Natives, with their superb intelligence system, were of the utmost value to the commandos. They could move, unmarked by the Japanese, wherever they wished ...

Lieutenant Shawn O'Leary, unit historian, 2/6th Cavalry (Commando) Regiment. Learn more about his experience.

Location and background

The Japanese occupied Aitape, on the coast in northern New Guinea, in 1942.

On 22 April 1944, US forces landed at Aitape. They captured it as part of a general advance towards the Philippines.

Australian troops of the 3rd Base Sub Area, which provided logistical support, and the 6th Division started to relieve the Americans from early October 1944.

Aitape campaign

Aitape was essentially a 'mopping-up' campaign.

The Australian commander-in-chief, General Sir Thomas Blamey, gave the 6th Division three jobs to do:

  • protect the airfield and radar installations around Aitape
  • destroy Japanese forces in the area
  • support the Allied Intelligence Bureau (AIB) and Australian New Guinea Administrative Unit (ANGAU)

The campaign involved small-scale patrolling and attacks, rather than all-out battles. The AIB and ANGAU had been conducting guerrilla operations for some time.

Initially, the Allies set up a primarily defensive barrier, restricting their operations to small patrols. The Japanese chose not to engage the Allies until the Australian troops arrived because they lacked the air and naval support of their enemy. They were also low on ammunition and other supplies.

The Allies and Australians began their attack in November 1944 from two directions. From Aitape, Allied forces advanced east toward Wewak. Facing them were 35,000 Japanese of the XVIII Army, under the command of Lieutenant General Hatazo Adachi from his headquarters near Wewak.

The Australian 2/6th Cavalry (Commando) Regiment moved towards Torricelli Mountains in the direction of Maprik. From here they could cut the Japanese off from most of their supplies.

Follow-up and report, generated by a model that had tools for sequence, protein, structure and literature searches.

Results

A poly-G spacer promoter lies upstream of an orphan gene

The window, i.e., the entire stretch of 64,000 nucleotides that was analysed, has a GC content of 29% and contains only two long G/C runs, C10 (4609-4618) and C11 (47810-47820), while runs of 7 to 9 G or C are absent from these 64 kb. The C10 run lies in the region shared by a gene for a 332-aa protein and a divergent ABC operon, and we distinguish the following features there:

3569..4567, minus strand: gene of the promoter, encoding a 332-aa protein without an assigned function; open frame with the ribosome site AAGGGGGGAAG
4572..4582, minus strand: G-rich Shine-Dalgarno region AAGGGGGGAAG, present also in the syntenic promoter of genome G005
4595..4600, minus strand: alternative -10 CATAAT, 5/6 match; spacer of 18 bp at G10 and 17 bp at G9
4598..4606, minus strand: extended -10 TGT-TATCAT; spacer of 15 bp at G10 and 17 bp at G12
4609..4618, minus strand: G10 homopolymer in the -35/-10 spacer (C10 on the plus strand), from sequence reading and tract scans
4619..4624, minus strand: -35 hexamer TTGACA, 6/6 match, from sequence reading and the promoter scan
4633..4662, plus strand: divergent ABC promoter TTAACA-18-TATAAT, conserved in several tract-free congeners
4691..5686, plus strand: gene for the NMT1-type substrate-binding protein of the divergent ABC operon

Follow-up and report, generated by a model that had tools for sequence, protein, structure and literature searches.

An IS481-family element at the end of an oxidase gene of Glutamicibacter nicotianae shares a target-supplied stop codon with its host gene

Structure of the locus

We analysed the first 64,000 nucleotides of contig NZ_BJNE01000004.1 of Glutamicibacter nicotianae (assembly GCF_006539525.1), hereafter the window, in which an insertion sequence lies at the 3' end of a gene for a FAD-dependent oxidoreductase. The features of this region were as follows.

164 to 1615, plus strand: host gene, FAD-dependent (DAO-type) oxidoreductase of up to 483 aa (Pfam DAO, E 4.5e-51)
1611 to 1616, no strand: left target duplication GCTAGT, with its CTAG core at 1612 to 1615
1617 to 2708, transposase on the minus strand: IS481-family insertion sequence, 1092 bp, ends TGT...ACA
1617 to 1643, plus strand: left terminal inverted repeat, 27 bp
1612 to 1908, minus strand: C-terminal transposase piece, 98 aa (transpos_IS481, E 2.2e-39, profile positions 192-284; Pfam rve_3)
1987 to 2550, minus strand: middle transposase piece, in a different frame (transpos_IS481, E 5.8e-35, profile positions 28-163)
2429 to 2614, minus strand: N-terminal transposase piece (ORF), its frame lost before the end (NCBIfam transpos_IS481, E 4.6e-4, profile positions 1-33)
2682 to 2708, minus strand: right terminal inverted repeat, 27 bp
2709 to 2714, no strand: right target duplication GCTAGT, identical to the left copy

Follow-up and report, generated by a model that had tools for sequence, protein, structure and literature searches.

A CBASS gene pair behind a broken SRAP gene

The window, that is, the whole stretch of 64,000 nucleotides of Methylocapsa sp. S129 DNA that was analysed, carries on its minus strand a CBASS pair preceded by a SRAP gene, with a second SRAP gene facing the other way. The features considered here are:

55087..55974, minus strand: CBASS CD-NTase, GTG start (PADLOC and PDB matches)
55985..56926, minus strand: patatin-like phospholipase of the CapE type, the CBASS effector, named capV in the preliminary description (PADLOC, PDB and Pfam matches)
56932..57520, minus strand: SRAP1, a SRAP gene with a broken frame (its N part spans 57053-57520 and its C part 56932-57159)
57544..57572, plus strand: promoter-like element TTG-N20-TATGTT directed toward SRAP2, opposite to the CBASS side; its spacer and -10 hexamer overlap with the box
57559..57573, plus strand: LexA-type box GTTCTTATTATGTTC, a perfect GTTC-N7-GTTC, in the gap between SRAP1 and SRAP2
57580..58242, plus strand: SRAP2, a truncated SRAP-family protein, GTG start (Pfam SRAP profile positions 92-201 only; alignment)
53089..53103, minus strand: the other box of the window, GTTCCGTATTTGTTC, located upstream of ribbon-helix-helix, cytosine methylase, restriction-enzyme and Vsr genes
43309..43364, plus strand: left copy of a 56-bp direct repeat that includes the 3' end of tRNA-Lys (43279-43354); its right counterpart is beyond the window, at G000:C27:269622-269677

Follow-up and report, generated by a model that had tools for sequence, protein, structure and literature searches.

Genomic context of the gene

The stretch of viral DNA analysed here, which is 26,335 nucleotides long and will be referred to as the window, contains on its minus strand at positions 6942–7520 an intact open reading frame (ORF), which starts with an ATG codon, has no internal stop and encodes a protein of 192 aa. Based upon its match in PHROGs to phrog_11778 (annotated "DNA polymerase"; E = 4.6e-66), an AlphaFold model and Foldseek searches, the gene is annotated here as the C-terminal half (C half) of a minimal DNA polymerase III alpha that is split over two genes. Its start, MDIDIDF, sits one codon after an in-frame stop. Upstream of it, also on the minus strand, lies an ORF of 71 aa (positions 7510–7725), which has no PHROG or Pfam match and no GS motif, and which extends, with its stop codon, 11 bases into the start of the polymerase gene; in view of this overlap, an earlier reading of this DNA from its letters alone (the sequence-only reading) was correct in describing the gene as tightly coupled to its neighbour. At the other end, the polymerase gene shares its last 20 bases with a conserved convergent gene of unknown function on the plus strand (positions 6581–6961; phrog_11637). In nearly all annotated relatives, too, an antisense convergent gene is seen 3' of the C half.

Supply difficulties for the Allies also meant progress was slow. Casualties steadily grew from both battle and disease.


While there was doubt at the time about the necessity of the campaign, it was important for Australian troops to clear the Japanese from the region.

There was also no way of knowing the end of the war was just months away. Australian military leaders needed to do two things:

  1. Reduce the size of the army.
  2. Ensure there were enough troops on hand for any further operations toward Japan.

Australian troops remained steadfast and did their job in difficult conditions against a stubborn enemy.

More than 440 Australians died, with more than 1,100 wounded.

Learn more about the important events that happened at Wewak.

Papua New Guinea
November 1944 and August 1945
Image caption
Private Jack Carlson of Melbourne on duty at the water's edge keeps a constant watch for signs of any enemy activity.
Image attribution
Australian War Memorial. AWM 018200. Photo by Samuel James Henry Herbert (Jim) Fitzpatrick.

Related Trails

The Aitape-Wewak Campaign

2 Steps


The Huon Peninsula Remembrance Trail

22 Steps